It supports all 'modern' browser, as well as IE6 with transit times < 15ms.

A common usecase is to use it to expose an ajax endpoint, allowing you to do cross-domain ajax with little effort (check out the small sample on the front page).

share|improve this answer

What if I just use the script tag hack by itself and communicate strictly in JSON? Is that safe? If not, why not?

Lets say you have two servers - frontend.com and backend.com. frontend.com includes a <script> tag like this - <script src="http://backend.com/code.js"></script>.

when the browser evaluates code.js is considered a part of frontend.com and NOT a part of backend.com. So, if code.js contained XHR code to communicate with backend.com, it would fail.

Would it be any more safe with HTTPS? Example scenarios would be appreciated.

If you just converted your <script src="https://backend.com/code.js> to https, it would NOT be any secure. If the rest of your page is http, then an attacker could easily man-in-the-middle the page and change that https to http - or worse, include his own javascript file.

If you convert the entire page and all its components to https, it would be more secure. But if you are paranoid enough to do that, you should also be paranoid NOT to depend on an external server for you data. If an attacker compromises backend.com, he has effectively got enough leverage on frontend.com, frontend2.com and all of your websites.

In short, https is helpful, but it won't help you one bit if your backend server gets compromised.

So, what are my options?

  1. Add a proxy server on each of your client applications. You don't need to write any code, your webserver can automatically do that for you. If you are using Apache, look up mod_rewrite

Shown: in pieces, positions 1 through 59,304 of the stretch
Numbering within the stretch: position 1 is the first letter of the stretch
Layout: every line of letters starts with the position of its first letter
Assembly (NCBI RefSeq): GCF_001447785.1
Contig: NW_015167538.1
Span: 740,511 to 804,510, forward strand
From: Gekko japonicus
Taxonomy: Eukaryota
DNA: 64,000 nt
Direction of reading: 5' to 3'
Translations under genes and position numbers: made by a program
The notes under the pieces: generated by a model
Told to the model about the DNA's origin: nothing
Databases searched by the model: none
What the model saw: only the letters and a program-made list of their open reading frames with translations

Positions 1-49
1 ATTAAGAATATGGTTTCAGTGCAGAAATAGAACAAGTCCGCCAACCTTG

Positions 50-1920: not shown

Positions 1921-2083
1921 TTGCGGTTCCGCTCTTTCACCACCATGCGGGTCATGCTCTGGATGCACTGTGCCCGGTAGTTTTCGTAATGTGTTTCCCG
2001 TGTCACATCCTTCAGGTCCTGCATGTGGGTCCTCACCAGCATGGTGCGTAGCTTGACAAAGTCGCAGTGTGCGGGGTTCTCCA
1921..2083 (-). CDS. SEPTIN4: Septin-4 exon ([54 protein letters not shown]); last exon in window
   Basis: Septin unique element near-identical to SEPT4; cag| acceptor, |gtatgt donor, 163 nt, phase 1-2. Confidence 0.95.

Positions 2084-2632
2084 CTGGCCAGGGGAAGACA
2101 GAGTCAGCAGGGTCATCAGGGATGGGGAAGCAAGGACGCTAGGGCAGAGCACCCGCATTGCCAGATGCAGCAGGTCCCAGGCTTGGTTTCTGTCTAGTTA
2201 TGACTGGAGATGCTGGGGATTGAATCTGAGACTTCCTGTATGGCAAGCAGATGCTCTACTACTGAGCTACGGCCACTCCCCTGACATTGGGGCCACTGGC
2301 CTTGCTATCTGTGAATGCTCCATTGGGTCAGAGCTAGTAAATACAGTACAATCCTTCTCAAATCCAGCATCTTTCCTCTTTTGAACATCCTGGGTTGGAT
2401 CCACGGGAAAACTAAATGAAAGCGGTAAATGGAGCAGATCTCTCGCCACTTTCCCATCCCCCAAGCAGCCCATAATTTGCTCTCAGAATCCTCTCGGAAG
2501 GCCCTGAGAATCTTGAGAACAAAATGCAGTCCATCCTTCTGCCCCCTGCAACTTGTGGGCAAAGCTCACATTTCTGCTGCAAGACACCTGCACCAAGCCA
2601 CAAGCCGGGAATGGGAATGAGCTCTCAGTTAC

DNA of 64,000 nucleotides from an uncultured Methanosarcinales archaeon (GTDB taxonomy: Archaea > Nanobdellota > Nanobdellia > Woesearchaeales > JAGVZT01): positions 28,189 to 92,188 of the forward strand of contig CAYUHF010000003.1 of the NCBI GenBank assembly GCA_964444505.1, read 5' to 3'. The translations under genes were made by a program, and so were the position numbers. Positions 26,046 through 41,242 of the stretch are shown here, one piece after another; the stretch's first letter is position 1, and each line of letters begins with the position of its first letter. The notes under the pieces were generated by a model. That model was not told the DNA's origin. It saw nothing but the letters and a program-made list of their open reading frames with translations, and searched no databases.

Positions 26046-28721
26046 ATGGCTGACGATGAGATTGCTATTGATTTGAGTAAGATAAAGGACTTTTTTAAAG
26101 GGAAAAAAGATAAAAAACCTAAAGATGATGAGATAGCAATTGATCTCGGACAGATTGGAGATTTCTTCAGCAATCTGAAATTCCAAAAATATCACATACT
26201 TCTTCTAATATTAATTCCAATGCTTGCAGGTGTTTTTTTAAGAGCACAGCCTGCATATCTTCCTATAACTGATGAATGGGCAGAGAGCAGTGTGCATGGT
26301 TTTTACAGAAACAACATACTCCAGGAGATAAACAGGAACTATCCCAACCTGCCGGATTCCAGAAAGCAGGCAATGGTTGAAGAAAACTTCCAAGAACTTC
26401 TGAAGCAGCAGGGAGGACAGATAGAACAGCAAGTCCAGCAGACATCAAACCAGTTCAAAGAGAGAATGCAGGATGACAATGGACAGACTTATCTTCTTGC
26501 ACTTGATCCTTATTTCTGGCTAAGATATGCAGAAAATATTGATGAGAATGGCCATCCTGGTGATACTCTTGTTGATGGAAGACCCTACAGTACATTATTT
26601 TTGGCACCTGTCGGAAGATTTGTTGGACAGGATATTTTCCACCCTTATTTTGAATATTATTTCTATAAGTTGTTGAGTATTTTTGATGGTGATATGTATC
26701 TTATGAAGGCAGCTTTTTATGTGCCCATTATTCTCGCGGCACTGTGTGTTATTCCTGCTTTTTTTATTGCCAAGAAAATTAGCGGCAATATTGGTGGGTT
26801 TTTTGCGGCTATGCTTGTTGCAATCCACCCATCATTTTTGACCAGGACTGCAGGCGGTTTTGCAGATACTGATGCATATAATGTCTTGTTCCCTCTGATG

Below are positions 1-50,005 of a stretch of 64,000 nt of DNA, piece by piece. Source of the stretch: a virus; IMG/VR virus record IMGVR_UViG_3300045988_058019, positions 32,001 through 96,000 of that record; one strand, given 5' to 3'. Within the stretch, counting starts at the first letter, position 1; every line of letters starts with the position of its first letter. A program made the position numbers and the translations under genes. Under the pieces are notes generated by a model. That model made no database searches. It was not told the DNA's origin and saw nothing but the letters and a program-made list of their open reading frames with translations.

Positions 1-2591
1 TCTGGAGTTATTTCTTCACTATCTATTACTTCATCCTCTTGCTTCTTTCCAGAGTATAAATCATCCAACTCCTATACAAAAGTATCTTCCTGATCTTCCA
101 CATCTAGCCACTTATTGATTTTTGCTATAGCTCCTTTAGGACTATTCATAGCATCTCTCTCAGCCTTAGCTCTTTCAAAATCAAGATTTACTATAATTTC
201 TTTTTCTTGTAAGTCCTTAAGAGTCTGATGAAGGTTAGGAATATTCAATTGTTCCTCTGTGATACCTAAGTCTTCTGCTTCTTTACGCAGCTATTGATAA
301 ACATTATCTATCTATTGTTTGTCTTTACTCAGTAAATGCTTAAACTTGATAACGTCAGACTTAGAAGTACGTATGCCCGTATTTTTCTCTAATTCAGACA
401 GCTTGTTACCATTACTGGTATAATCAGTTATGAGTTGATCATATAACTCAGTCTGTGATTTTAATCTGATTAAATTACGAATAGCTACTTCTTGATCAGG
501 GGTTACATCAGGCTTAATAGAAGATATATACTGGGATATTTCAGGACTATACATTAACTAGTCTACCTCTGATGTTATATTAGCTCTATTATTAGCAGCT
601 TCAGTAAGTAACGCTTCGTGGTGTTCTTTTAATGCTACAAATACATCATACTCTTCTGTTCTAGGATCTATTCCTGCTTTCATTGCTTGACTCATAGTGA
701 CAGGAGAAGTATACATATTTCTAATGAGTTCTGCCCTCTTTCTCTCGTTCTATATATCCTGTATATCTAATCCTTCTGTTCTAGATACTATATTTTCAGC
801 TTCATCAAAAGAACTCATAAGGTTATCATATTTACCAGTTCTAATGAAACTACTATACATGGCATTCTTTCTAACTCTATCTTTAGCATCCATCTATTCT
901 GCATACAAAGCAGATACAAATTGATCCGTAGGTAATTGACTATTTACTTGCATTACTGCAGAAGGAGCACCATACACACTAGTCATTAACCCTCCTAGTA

2. If your users are using the latest browsers, you could consider using Cross Origin Resource Sharing.
  3. As The Rook pointed out, you could also use Flash + Crossdomain. Or you could use Silverlight and its equivalent of Crossdomain. Both technologies allow you to communicate with javascript - so you just need to write a utility function and then normal js code would work. I believe YUI already provides a flash wrapper for this - check YUI3 IO

What do you recommend?

My recommendation is to create a proxy server, and use https throughout your website.

share|improve this answer
up vote 0 down vote accepted

Apologies to all who attempted to answer my question. It proceeded under a false assumption about how the script tag hack works. The assumption was that one could simply append a script tag to the DOM and that the contents of that appended script tag would not be restricted by the same origin policy.

If I'd bothered to test my assumption before posting the question, I would've known that it's the source attribute of the appended tag that's unrestricted. JSONP takes this a step further by establishing a protocol that wraps traditional JSON web service responses in a callback function.

Regardless of how the script tag hack is used, however, there is no way to screen the response for malicious code since browsers execute whatever JavaScript is returned. And neither IE, Firefox nor Webkit browsers check SSL certificates in this scenario. Doug Crockford is, so far as I can tell, correct. There is no safe way to do cross domain scripting as of JavaScript 1.8.5.

share|improve this answer

Your Answer


By posting your answer, you agree to the privacy policy and terms of service.

Not the answer you're looking for? Browse other questions tagged or ask your own question.